Ask An Expert: Why Do We Itch?
The pandemic has us feeling a lot of things: anxious, stressed, tired. But what about itchy?
Have you ever had a hard time not scratching or rubbing your face in public? Or had an unreachable itch beneath a mask? This week on Science Friday, we ask an expert: why do we itch? And is there any relief to be found in understanding the neuroscience behind why we scratch?
Ira asks these questions and more to Diana Bautista, professor of molecular and cellular biology at the University of California Berkeley. They were joined by a live Zoom audience, who were also itching to ask their own questions. Watch the conversation below to get an explanation on all things itch!
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Diana Bautista is a professor in the Department of Molecular and Cellular Biology at the University of California, Berkeley in Berkeley, California.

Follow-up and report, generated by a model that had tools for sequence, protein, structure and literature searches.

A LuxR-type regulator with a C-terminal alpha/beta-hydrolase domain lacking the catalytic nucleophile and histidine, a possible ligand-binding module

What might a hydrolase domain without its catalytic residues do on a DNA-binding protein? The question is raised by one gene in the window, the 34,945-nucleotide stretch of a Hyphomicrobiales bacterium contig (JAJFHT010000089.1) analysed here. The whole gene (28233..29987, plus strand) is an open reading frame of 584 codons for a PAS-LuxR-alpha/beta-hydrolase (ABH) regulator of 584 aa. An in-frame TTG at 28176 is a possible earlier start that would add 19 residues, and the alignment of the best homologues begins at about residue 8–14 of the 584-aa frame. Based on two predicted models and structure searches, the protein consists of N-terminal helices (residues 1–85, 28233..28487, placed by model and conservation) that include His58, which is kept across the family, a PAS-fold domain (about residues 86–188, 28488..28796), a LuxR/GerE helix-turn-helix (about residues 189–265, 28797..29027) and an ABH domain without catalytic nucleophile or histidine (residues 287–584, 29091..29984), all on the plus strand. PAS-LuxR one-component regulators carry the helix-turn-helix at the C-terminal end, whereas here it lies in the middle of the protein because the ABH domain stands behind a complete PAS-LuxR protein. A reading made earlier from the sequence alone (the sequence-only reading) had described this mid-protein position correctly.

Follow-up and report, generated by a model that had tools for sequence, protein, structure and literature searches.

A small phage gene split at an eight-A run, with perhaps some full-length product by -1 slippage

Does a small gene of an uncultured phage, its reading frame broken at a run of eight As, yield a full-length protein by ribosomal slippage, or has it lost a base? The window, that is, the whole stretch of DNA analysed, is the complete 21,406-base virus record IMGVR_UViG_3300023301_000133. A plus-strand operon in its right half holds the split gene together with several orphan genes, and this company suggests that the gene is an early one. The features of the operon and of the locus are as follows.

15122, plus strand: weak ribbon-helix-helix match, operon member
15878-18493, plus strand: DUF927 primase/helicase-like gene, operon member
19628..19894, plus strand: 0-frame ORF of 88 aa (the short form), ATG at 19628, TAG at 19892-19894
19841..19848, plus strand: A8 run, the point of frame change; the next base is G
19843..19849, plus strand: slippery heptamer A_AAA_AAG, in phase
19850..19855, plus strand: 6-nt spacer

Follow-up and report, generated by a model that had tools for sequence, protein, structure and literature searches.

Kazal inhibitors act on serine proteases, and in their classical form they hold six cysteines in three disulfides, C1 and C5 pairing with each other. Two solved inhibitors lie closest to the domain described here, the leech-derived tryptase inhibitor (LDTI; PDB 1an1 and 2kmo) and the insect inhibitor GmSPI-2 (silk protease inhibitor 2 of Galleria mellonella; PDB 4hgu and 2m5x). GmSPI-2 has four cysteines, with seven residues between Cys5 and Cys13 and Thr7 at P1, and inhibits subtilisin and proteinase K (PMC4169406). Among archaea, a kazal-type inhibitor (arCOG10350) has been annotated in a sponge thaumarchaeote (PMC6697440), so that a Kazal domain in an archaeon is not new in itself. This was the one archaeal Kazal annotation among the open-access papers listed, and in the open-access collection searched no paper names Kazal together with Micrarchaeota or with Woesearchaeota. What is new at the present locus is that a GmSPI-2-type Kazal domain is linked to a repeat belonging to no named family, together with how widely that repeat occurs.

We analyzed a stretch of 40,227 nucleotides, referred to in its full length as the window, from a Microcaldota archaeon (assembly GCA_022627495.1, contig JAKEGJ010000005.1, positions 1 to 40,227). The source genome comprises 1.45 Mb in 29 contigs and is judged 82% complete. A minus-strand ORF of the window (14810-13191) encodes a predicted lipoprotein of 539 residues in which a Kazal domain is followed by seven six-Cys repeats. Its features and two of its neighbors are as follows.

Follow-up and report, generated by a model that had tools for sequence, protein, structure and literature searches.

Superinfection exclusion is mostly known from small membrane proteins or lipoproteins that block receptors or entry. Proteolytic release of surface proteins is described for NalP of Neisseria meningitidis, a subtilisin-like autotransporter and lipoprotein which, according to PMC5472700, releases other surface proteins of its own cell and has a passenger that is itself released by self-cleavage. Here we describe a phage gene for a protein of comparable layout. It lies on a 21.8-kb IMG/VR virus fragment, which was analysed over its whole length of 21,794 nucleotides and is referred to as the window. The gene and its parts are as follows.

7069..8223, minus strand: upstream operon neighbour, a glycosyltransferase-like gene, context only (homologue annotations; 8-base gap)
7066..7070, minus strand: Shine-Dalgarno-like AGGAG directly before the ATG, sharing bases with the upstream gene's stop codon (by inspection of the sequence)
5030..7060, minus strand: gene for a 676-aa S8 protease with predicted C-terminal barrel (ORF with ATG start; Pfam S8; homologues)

IRA FLATOW: This is Science Friday. I’m Ira Flatow. The pandemic has us feeling a lot of things, but what about itchy? Now here’s a situation that has happened to me recently. I headed into the drugstore so I put on my mask, I went inside. But pretty soon my face started to it’s right between my nose and my cheek about right there, right under my mask.
So what was I supposed to do? I didn’t want to touch my face or take off my mask to scratch it. That would kind of defeat the point of wearing one, right? It’s so difficult to resist that itchy feeling. But I suffered through it till I could get back into my car and safely scratch. The things we do to keep ourselves and others safe, right?